The penalty for each of the conspirators was very severe, probably to be expected given their intentions, however I was very surprised that this form of execution was still available in 1820. Again, from the account:
“That you, and each of you, be taken from hence to the gaol from whence you came, and from thence that you will be drawn upon a hurdle to a place of execution, and be there hanged by the neck until you be dead; and that afterwards your heads shall be severed from your bodies, and your bodies shall be divided into four quarters, to be disposed of as his majesty sees fit. And may God of his infinite goodness have mercy on your souls !
The prisoners were then removed from the bar; some of them, particularly Thistlewood, Brunt and Davidson, appearing to be wholly unconcerned at the awful sentence which had been passed upon them, and the whole of them evincing great firmness and resignation.
Tidd complained of the immense weight of his irons.”
The executions was carried out shortly after the trial although some of the sentences were changed.
Only Thistlewood, Brunt, Davidson and Tidd were to be executed, the rest of the conspirators had their death sentence commuted to transportation for life.
The death sentence was also changed so that the part which directed that their bodies be quartered was now removed. The book of the conspiracy provides a detailed account of the executions. Given that my search for the Cato Street Conspiracy started with Tidd, who “lived with his wife and family in a small and miserable dwelling in Hole-in-the-Wall Passage” we can follow his last hour:
“Tidd, who had stood in silence, was now summoned to the scaffold. He shook hands with all but Davidson, who had separated himself from the rest.
Ings again seized Tidd’s hand at the moment he was going out, and exclaimed, with a burst of laughter “Give us your hand, Good-bye !”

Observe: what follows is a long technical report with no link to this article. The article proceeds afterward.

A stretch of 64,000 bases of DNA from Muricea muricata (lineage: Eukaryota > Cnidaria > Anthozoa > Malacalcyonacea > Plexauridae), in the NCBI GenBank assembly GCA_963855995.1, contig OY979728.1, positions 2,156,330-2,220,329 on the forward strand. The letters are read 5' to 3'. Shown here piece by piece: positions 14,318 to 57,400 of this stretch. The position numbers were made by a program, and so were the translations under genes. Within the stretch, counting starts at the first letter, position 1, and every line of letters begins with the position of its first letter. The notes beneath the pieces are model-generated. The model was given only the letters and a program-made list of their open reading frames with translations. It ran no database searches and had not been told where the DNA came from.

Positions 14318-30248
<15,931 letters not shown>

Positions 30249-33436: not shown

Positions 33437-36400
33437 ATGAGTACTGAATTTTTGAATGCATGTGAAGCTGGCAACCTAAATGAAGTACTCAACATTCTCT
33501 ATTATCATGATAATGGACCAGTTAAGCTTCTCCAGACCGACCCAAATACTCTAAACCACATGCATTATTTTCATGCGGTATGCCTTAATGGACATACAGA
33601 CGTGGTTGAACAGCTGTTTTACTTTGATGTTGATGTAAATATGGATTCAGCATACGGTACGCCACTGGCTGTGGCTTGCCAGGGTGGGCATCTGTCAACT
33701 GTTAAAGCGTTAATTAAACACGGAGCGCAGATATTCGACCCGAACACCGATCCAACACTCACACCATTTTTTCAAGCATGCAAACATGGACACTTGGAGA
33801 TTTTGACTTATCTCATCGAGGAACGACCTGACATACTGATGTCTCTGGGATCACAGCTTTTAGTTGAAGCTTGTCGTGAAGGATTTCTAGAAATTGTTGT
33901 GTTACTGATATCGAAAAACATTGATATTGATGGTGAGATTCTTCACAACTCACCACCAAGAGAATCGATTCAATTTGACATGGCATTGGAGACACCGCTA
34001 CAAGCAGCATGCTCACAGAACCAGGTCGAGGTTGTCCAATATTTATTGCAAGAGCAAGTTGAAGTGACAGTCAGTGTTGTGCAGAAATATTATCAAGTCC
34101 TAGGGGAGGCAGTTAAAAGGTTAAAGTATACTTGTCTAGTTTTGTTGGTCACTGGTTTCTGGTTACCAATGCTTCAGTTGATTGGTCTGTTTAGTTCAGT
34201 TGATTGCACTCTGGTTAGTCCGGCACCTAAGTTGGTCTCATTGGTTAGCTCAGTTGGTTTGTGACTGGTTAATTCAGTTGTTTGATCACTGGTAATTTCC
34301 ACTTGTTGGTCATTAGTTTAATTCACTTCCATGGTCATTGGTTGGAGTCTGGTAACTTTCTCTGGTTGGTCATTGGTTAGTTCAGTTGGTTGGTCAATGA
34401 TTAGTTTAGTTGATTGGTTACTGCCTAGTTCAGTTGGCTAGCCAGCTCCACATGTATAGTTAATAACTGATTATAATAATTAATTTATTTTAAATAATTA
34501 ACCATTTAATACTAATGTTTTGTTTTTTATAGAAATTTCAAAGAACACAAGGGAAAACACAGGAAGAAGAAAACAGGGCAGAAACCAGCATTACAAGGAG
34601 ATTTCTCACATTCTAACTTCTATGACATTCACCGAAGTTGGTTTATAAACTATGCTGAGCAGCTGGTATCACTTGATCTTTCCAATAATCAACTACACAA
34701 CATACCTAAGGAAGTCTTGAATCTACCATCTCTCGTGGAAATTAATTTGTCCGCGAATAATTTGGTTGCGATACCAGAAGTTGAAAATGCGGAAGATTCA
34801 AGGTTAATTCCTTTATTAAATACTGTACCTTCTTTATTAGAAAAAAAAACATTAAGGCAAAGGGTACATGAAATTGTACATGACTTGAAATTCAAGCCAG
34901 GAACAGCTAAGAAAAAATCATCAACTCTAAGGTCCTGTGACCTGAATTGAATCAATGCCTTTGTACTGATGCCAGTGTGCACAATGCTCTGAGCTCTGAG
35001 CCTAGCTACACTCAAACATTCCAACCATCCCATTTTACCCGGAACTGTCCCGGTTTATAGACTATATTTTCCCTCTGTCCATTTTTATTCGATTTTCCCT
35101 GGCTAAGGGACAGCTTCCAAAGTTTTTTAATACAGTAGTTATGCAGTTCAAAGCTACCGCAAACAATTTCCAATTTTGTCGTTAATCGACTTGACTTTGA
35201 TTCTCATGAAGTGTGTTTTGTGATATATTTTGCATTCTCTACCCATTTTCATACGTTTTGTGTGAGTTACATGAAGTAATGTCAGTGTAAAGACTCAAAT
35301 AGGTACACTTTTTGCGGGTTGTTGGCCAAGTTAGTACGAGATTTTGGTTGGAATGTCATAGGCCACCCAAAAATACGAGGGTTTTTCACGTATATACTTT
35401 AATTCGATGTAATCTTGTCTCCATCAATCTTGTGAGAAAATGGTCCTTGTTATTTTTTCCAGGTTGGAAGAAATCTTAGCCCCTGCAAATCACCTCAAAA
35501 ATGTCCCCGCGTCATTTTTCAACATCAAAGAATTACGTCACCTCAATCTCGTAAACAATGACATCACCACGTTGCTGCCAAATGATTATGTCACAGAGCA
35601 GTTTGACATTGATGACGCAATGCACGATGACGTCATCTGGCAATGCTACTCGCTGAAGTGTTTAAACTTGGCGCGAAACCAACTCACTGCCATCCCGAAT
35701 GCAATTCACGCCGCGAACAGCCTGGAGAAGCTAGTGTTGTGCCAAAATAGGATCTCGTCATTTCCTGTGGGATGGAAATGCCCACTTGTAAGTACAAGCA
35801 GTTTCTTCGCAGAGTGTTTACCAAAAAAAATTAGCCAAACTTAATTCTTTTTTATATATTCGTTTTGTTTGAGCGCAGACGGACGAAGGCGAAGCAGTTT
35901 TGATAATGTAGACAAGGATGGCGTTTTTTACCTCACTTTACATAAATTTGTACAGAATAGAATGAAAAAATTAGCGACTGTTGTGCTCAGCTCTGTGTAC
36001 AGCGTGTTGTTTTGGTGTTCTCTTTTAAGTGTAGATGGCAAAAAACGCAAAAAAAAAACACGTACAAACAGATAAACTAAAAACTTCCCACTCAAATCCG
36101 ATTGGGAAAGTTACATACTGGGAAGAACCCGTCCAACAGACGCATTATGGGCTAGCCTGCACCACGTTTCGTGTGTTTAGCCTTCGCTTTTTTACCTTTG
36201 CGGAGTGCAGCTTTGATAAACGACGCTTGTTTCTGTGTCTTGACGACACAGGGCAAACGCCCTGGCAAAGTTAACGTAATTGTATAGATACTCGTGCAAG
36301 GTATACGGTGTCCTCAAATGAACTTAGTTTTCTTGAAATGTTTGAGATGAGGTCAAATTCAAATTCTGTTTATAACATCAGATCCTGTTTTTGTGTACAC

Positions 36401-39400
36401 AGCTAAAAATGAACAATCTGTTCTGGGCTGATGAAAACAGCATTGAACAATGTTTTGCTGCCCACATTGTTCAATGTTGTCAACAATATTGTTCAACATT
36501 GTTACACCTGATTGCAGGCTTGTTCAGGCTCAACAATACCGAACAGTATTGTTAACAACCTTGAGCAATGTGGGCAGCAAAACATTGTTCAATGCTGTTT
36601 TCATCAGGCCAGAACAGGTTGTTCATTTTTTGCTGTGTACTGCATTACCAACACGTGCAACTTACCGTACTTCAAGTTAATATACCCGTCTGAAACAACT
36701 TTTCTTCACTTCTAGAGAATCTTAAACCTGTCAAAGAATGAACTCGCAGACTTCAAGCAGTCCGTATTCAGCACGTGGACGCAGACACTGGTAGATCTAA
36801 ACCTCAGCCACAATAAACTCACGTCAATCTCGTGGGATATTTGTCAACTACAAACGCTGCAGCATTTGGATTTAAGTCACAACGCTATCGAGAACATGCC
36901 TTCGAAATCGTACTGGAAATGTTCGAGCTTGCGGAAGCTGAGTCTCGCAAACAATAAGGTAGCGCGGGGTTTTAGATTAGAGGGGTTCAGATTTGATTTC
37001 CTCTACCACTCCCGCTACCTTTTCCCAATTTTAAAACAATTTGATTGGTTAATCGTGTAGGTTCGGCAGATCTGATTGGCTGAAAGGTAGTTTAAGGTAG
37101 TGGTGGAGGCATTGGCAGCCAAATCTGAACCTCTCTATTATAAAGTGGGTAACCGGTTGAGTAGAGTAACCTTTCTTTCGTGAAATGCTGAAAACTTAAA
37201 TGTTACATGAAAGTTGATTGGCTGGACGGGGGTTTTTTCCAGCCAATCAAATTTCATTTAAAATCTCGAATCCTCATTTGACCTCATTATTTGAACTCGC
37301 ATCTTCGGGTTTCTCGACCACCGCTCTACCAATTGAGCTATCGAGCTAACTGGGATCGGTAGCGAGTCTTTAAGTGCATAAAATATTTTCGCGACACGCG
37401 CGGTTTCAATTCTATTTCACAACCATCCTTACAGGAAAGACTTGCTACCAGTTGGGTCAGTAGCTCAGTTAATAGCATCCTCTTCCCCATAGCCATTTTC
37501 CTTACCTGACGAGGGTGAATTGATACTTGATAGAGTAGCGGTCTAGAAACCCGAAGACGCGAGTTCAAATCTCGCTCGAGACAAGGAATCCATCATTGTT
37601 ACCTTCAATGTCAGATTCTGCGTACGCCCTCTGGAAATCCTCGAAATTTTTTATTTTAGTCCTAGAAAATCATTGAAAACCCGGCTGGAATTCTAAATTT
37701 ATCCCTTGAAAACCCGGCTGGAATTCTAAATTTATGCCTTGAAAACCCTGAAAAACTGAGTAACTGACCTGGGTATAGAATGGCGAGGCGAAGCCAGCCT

A tear stood in Tidd’s eye, and his lips involuntarily muttered, “My wife and –!” Ings proceeded – “Come my old cock-o-wax, keep up your spirits it will be over soon.
Tidd immediately squeezed his hand, and ran towards the stars leading to the scaffold. In his hurry, his foot caught the bottom step, and he stumbled. He recovered himself, however, in an instant, and rushed upon the scaffold, where he was immediately received with three cheers from the crowd, in which he made a slight effort to join.
The applause was evidently occasioned by the bold and fearless manner in which the wretched man advanced to his station. He turned to the crowd who were upon Snow Hill, and bowed to them. He then looked down upon the coffins and smiled, and turning round to the people who were collected in the Old Bailey towards Ludgate Hill bowed to them. Several voices were again heard, and some in the crowed expressed their admiration of Tidd’s conduct.
The rope having been put round his neck, he told the executioner that the knot would be better on the right than the left side, and that the pain of dying might be diminished by the change. he then assisted the executioner, and turned round his head several times for the purpose of fitting the rope to his neck. He afterwards familiarly nodded to some one whom he recognised at a window, with an air of cheerfulness. He also desired that the cap might not be put over his eyes, but said nothing more. He likewise had an orange in his hand, which he continued to suck most heartily. He soon became perfectly calm, and remained so till the last moment of his life.”
Mr Richard Tidd of Hole In The Wall Passage. Drawn at the time of his trial:
I wonder what happened to the family that Tidd left behind? How did they survive and did they still continue living in Hole In The Wall Passage?
I really did not expect to find such a story when I first started researching the location of my father’s original photo. Hole In The Wall Passage has left no trace, but fortunately we can still follow the story of one of the inhabitants.
The sources I used to research this post are:
- London by George Cunningham published in 1927
- A Topographical Dictionary Of London And Its Environs by James Elmes published in 1831
- An Authentic History Of The Cato Street Conspiracy by George Theodore Wilkinson